The Trimble v1.3 scene contained 500 ray-traced images and environment props. It had no DR components except for door rotation, and door texture was held fixed. Training on this scene resulted in 5% average precision (AP) on the real test set of about 1,000 images.

NVIDIA scene training with synthetic data generation

The model's predictions on real images after being trained on the synthetic indoor scene from the third video above. Source: NVIDIA 

Randomization helps overcome overfitting

As shown above, the model failed to detect doors adequately on most of the real images because it overfit to the texture of the door in simulation. The model’s poor performance on synthetic validation dataset with different textured doors confirmed this, the researchers said.

Another observation was that the lighting was held steady and constant in simulation, whereas in reality, there is a variety of lighting conditions.

To prevent overfitting to the texture of the doors, NVIDIA's team applied randomization to the door texture among 30 different wood-like textures. To vary the lighting, it also added DR over the ceiling lights to randomize the movement, intensity and color of lights. 

Once the texture of the door was randomized, the researchers gave the model a learning signal on what makes a door besides its rectangular shape. To do so, they added realistic metallic door handles, kick plates, and door frames to all the doors in the scene.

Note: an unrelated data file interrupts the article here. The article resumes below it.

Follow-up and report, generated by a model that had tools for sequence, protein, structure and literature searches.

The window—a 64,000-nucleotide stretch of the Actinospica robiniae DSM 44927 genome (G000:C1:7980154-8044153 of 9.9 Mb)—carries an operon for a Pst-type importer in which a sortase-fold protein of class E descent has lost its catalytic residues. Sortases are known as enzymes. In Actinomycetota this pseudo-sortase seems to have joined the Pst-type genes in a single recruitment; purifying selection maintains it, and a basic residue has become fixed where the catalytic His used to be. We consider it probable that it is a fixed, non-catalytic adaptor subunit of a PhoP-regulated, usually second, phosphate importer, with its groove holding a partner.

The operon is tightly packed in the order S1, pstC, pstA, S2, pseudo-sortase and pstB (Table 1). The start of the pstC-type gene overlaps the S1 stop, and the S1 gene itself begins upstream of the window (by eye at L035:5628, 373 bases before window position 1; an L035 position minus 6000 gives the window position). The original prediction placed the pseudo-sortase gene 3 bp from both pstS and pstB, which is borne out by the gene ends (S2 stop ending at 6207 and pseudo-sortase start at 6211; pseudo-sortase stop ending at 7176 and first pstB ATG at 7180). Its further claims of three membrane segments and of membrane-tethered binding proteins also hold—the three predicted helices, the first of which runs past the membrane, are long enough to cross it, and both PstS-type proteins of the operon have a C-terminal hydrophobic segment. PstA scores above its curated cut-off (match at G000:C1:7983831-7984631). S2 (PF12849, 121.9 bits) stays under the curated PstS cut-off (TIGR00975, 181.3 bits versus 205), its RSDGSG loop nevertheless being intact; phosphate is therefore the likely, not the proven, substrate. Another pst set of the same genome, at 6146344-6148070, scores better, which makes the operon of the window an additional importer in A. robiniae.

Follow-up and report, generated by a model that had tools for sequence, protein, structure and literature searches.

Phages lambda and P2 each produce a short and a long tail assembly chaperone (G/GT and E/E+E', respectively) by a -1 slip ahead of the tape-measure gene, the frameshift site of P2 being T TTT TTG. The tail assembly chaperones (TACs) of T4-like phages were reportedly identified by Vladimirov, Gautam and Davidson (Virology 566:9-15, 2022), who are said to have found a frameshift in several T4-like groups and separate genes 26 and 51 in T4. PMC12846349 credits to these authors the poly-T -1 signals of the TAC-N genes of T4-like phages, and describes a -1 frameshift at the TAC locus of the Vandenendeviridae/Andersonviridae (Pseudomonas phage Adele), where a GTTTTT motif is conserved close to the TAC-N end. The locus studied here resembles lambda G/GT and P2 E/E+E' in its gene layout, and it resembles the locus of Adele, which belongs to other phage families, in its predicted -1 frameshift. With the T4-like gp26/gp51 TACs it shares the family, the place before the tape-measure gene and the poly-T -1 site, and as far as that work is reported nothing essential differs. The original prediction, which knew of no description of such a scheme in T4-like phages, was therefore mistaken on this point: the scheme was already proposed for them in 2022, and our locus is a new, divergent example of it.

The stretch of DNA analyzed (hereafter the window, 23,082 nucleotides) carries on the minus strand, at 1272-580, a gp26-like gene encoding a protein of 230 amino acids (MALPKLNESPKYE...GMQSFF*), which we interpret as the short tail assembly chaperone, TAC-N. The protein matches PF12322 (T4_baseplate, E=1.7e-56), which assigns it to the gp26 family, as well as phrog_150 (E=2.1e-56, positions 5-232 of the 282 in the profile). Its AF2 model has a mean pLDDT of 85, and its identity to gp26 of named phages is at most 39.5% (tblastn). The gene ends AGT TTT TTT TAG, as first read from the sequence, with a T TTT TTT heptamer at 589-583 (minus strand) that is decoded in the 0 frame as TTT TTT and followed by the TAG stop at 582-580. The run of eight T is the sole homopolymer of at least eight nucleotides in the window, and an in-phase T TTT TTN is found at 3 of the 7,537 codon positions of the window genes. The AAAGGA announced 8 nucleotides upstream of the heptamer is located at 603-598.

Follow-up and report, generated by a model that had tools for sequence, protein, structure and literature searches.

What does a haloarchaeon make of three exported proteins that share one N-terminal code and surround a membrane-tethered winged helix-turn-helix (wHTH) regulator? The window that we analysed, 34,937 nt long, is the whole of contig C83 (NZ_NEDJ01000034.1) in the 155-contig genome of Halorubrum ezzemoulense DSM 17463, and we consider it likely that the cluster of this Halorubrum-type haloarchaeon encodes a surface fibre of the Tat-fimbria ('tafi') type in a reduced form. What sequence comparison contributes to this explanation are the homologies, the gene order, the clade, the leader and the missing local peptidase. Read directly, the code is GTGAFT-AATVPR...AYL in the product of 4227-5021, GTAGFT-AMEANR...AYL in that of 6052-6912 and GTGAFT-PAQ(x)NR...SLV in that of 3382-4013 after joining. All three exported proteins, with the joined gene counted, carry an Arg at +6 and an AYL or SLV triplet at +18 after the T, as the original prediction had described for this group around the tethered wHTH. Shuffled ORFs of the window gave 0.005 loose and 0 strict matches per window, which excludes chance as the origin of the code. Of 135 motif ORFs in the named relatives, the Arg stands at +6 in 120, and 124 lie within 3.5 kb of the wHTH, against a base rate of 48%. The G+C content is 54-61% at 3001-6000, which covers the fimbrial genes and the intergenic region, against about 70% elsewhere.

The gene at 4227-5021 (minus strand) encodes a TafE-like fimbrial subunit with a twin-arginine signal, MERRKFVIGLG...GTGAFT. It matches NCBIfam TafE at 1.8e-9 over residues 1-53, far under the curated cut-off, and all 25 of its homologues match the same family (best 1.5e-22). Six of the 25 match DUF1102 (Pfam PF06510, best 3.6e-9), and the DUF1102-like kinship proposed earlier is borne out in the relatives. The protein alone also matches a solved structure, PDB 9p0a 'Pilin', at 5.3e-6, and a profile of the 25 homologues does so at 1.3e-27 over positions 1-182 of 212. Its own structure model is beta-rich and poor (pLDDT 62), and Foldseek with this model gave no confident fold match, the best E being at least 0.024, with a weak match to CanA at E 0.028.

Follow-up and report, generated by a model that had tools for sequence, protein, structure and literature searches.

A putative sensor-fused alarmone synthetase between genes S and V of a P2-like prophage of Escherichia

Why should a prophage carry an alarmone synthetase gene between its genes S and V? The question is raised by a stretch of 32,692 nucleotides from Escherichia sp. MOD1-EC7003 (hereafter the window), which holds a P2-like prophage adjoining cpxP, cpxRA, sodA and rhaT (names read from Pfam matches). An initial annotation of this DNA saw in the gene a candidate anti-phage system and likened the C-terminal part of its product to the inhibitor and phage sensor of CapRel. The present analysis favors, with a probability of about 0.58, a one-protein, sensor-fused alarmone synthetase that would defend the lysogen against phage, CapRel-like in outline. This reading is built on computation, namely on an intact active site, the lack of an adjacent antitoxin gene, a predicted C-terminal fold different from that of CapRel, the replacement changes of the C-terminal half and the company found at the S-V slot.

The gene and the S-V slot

Training on 500 images from this improved scene yielded 57% AP on the real test set. The indoor scene below includes DR components for door roation, texture, and color and movement of lights.

This model did better than before, but it was still making false-positive predictions about potted plants and QR codes on the walls in real test images. It also did poorly on the corridor images where multiple doors were lined up. And it had a lot of false positives in low-temperature lighting conditions, as shown below.

To make the model robust to noise like QR codes on walls, NVIDIA applied DR overtexture, which randomized the texture of the wall with different textures including QR codes and other synthetic textures. The researchers added a few potted plants to the scene. Since they already had a corridor in the synthetic scene, to generate synthetic data from it, they added two cameras along the corridor, along with ceiling lights.